When I was a child I lived within half a mile of the showground in Harrogate where they held the annual Great Yorkshire Show. This three day show was THE big event in the local calendar and one of the largest agricultural shows in the country. The traffic on those days was choatic but at least we could walk to the show. Probably the last show I went to was in the late 1960's.
Here in Suffolk, the county agricultural show is instead rather aptly named the Suffolk Show. This year we decided to buy tickets in advance and attend the show. I always hate buying tickets in advance given the unreliableness of the British climate but we took the gamble. In fact both yesterday and today we've had glorious weather - not a cloud in the sky - so our gamble has paid off.
We planned to get there mid-morning but the traffic queues were horrendous so took off down to Felixstowe for an hour, ate an early sandwich lunch watching the container ships at Felixstowe Dock and were then able to drive straight into the show without any congestion. Initially the place seemed heaving with people and as we passed countless trade stands, most of which Troy Junior wanted to look at, I was beginning to regret renewing my experience of agricultural shows. It wasn't as if I was in the market for a tractor or a combined harvester. The show site is vast but after an extensive walkabout we sat down near one of the show rings. Bowler hatted gentlemen in pinstriped suits were setting out a table of trophies.
A uniquely British scene!
The first event we witnessed was heavy horses pulling gleaming carts at speed through gaps only one foot wider than their wheelbase (the carts' not the horses' of course).
Here's one of the horses with its cart.
It was an impressive sight seeing these big beasts being steered on the gallop between such narrow gaps. If the obstacles were hit then the tennis balls balanced on them would fall off. It didn't happen very often, mostly they cleared with inches to spare.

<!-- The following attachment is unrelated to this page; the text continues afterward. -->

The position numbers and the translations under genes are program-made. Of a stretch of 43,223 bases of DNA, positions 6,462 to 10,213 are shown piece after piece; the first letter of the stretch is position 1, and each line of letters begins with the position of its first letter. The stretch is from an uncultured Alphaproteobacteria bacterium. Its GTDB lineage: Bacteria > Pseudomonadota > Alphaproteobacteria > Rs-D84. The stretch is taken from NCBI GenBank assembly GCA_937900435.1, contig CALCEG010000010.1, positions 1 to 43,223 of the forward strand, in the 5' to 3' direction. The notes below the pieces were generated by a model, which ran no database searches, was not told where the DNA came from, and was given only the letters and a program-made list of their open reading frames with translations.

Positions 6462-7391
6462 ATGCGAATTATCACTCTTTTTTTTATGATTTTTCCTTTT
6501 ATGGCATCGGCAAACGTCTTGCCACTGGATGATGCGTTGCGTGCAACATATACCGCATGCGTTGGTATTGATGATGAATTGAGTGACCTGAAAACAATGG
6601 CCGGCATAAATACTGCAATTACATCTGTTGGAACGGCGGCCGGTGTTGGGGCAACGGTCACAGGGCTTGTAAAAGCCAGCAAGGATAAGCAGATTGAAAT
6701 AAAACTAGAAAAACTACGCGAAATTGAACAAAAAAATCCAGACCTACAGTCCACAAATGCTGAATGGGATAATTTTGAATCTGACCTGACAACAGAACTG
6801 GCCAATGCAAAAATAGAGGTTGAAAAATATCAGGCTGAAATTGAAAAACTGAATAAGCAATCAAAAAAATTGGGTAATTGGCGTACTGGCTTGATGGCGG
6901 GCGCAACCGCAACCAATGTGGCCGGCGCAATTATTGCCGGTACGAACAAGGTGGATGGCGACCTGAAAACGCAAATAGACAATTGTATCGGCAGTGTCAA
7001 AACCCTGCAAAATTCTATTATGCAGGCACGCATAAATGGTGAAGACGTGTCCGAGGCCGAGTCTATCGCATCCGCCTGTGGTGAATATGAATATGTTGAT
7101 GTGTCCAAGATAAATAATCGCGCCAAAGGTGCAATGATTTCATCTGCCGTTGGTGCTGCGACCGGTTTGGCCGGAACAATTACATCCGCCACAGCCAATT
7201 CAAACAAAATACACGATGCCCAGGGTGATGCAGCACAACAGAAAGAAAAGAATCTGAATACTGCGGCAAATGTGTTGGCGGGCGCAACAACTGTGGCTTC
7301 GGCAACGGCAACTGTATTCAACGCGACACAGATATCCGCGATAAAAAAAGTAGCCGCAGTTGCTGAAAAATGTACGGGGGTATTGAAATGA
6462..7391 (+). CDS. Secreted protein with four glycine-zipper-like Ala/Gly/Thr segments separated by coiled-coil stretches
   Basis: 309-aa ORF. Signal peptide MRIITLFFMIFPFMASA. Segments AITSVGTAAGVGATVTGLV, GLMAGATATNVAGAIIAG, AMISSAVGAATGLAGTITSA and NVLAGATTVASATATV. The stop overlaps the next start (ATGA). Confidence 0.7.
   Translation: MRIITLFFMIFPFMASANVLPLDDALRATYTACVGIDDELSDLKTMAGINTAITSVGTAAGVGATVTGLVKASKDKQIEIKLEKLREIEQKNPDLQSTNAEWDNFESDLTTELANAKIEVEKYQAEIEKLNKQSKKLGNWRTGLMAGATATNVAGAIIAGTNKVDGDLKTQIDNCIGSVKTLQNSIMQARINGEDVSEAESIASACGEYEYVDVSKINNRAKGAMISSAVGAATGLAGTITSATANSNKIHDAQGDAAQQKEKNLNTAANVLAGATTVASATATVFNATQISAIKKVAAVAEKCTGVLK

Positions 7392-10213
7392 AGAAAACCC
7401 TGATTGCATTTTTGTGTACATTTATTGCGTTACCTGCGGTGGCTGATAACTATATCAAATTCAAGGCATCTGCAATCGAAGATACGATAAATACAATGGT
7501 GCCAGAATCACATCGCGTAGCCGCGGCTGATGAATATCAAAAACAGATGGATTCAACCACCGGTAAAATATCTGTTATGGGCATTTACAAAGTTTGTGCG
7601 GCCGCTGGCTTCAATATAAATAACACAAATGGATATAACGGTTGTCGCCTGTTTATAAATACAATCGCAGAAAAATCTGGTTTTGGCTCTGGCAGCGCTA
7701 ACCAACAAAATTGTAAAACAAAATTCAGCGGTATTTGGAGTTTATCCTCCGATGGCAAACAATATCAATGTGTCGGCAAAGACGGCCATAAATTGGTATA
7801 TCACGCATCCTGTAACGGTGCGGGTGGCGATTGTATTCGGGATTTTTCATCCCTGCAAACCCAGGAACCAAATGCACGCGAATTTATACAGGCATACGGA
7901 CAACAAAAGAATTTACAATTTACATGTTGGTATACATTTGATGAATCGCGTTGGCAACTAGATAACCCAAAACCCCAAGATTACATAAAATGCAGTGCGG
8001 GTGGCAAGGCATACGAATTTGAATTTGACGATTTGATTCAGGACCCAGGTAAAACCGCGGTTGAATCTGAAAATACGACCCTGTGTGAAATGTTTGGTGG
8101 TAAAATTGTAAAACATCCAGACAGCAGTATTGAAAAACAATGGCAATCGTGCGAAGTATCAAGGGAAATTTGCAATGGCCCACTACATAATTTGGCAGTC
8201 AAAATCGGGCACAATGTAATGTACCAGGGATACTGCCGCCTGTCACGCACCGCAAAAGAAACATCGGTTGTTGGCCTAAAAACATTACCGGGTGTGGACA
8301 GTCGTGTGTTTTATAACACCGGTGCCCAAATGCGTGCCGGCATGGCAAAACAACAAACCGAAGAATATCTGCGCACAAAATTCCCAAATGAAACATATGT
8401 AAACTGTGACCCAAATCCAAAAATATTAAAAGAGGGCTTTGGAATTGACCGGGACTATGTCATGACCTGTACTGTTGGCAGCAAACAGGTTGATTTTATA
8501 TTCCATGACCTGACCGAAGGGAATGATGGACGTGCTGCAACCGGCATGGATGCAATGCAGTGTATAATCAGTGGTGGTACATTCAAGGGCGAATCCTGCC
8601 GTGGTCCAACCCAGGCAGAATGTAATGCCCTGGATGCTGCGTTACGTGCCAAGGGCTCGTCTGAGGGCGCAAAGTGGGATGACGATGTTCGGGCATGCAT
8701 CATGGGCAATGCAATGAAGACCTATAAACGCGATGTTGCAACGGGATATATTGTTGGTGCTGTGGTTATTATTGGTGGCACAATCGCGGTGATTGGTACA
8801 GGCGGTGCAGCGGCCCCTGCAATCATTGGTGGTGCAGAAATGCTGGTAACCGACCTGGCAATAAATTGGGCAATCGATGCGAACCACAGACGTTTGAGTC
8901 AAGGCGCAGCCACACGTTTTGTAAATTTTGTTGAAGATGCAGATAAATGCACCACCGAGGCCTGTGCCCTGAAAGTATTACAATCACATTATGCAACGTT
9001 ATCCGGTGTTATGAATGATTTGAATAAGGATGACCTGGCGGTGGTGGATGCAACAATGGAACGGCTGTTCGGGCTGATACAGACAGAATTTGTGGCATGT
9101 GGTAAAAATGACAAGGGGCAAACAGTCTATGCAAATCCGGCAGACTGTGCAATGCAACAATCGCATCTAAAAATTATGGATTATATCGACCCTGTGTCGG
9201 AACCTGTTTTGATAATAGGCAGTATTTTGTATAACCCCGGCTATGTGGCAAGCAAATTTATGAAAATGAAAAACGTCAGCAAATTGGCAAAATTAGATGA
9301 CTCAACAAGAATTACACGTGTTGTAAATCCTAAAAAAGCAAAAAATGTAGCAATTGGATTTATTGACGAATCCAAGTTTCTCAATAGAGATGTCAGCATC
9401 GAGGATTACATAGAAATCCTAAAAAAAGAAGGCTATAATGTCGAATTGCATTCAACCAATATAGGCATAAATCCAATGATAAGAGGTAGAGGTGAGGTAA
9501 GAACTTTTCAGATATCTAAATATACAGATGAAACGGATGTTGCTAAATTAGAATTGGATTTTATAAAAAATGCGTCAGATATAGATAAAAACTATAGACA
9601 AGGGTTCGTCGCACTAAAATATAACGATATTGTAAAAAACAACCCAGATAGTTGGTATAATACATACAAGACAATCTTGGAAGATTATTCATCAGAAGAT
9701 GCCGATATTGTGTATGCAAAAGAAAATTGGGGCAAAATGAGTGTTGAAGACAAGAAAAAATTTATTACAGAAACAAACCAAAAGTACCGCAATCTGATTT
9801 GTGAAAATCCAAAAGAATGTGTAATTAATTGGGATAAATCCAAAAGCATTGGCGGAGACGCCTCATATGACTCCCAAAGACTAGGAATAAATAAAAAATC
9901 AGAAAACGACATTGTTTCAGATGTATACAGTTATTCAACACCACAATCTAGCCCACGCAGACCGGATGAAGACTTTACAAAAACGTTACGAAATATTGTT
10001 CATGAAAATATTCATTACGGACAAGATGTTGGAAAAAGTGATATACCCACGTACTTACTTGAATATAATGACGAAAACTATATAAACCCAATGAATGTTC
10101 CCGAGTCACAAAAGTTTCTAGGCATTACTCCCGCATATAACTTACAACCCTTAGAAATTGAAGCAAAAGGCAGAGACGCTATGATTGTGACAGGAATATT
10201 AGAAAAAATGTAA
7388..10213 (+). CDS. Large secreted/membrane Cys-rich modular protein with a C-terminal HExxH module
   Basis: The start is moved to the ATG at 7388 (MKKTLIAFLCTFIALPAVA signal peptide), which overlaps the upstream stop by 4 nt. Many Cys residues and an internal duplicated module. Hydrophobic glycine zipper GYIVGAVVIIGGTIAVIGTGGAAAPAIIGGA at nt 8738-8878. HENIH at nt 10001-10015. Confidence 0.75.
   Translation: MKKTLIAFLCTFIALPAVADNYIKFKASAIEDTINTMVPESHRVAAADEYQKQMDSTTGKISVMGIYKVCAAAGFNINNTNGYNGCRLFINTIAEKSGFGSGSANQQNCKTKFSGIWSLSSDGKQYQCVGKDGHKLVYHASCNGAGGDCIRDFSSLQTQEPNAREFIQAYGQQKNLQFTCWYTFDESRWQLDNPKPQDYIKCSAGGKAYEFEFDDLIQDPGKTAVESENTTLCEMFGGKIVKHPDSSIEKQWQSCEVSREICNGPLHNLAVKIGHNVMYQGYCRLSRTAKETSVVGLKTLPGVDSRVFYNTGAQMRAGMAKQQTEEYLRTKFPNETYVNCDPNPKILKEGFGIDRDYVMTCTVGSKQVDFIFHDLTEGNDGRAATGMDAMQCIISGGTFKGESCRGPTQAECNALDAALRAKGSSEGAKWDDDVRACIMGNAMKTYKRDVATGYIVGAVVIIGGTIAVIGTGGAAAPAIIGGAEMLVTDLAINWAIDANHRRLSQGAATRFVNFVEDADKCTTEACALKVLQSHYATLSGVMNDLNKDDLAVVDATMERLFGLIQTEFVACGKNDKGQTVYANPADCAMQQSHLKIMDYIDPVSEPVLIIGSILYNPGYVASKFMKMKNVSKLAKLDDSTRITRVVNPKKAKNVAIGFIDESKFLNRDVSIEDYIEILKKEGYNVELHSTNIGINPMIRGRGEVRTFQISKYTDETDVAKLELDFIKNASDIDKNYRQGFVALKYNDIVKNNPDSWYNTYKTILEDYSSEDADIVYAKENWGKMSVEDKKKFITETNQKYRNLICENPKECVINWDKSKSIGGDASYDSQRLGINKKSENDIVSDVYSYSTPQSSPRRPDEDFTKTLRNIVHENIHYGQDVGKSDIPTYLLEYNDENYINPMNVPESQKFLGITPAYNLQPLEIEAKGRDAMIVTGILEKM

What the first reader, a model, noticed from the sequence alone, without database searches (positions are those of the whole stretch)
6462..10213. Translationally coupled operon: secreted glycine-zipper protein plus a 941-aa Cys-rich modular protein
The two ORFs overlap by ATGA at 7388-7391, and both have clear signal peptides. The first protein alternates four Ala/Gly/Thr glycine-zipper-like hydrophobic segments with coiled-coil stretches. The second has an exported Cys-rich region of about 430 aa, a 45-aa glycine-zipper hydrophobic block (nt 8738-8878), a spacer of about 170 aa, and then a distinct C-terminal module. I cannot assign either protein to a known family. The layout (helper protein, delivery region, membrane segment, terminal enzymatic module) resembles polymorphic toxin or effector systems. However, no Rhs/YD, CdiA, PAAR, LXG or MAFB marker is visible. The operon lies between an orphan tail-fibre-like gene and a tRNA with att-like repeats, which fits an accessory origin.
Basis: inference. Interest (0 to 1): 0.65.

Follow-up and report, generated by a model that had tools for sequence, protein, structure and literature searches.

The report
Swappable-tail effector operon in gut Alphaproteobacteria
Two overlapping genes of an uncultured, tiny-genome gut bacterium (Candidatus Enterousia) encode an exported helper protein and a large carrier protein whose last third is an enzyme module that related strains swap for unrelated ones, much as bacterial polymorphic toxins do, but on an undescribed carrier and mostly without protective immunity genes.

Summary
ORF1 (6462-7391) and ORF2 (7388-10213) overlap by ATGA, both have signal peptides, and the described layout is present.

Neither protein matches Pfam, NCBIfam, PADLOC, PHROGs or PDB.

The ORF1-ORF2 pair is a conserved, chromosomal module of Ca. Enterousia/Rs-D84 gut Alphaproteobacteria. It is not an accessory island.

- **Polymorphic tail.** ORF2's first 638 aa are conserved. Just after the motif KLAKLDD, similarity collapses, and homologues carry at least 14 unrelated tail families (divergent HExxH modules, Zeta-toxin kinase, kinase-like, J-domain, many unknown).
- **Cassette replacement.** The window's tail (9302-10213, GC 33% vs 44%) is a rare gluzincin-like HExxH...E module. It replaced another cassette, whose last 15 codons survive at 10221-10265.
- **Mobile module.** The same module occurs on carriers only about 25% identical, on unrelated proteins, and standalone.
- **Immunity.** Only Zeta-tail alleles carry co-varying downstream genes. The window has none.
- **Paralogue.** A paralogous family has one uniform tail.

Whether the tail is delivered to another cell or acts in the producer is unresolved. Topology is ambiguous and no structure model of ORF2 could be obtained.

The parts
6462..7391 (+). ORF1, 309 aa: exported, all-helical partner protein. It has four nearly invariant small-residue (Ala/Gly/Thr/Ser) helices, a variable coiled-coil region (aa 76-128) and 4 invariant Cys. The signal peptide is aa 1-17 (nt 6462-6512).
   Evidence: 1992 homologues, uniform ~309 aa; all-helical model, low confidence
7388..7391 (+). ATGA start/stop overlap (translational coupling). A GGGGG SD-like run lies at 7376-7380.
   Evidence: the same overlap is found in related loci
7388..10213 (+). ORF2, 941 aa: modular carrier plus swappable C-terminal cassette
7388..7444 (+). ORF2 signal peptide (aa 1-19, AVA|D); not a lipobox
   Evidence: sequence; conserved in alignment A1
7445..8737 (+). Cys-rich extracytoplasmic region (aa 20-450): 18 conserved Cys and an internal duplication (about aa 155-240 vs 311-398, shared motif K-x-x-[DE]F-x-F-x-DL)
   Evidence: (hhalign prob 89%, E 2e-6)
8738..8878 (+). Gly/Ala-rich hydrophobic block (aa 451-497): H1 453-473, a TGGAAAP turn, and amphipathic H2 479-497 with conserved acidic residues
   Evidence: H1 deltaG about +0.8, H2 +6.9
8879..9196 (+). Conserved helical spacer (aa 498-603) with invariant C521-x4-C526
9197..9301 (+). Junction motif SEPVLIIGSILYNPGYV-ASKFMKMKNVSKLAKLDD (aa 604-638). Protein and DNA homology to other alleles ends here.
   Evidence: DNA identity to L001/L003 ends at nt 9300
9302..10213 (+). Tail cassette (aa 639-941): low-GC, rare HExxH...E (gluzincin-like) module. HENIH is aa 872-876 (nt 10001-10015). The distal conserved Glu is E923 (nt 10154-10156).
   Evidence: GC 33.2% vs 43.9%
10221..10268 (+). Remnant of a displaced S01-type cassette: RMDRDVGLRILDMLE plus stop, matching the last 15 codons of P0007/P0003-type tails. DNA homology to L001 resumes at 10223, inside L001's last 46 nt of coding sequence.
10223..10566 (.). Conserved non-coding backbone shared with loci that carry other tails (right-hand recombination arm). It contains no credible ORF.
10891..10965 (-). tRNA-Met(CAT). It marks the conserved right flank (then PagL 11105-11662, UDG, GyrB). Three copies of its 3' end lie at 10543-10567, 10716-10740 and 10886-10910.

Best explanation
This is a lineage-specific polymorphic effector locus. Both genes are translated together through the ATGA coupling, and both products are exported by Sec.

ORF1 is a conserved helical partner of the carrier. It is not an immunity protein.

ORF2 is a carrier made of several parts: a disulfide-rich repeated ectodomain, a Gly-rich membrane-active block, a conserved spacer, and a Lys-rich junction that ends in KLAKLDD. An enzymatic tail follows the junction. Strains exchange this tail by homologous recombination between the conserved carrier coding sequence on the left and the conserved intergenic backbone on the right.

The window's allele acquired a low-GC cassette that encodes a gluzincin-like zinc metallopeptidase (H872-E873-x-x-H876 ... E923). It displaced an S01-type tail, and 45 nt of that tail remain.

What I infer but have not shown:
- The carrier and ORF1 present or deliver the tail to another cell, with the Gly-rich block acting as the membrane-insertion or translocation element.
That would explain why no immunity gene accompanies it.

The trophies shown in the first picture on this posting were for all the various class winning animals. There was a particularly impressive bull, being lead by a small young lady. Even the commentator in the ring marvelled at how she was able to control the animal. Mind you, if she hadn't, I suspect you would have already heard about it on the national news rather than seeing it first on my blog.
A part of that bull quite impressed Troy Junior. (Well I guess that's why he said "look at its balls" in a loud voice).
As well as Mr Bull, Mrs Cow and child, also won trophies. Mrs Troy was impressed with how clean they were.
Moving on to another show ring we were treated to some horse jumping. It was the first time that Mrs Troy had seen live show jumping and she was amazed at the height of the jumps. I stationed myself next to the last jump to get a photograph but most of the horses had faults (a technical term meaning they knocked off a rail) and retired before reaching the last jump. So I was lucky to get this photo before Troy Junior wanted to move on.
Finally to complete the photos from the day here are some horses and hounds pretending to be hunting a fox.
All in all, a very enjoyable day out. I left the show thinking that I mustn't leave it another 40+ years before visiting my next one.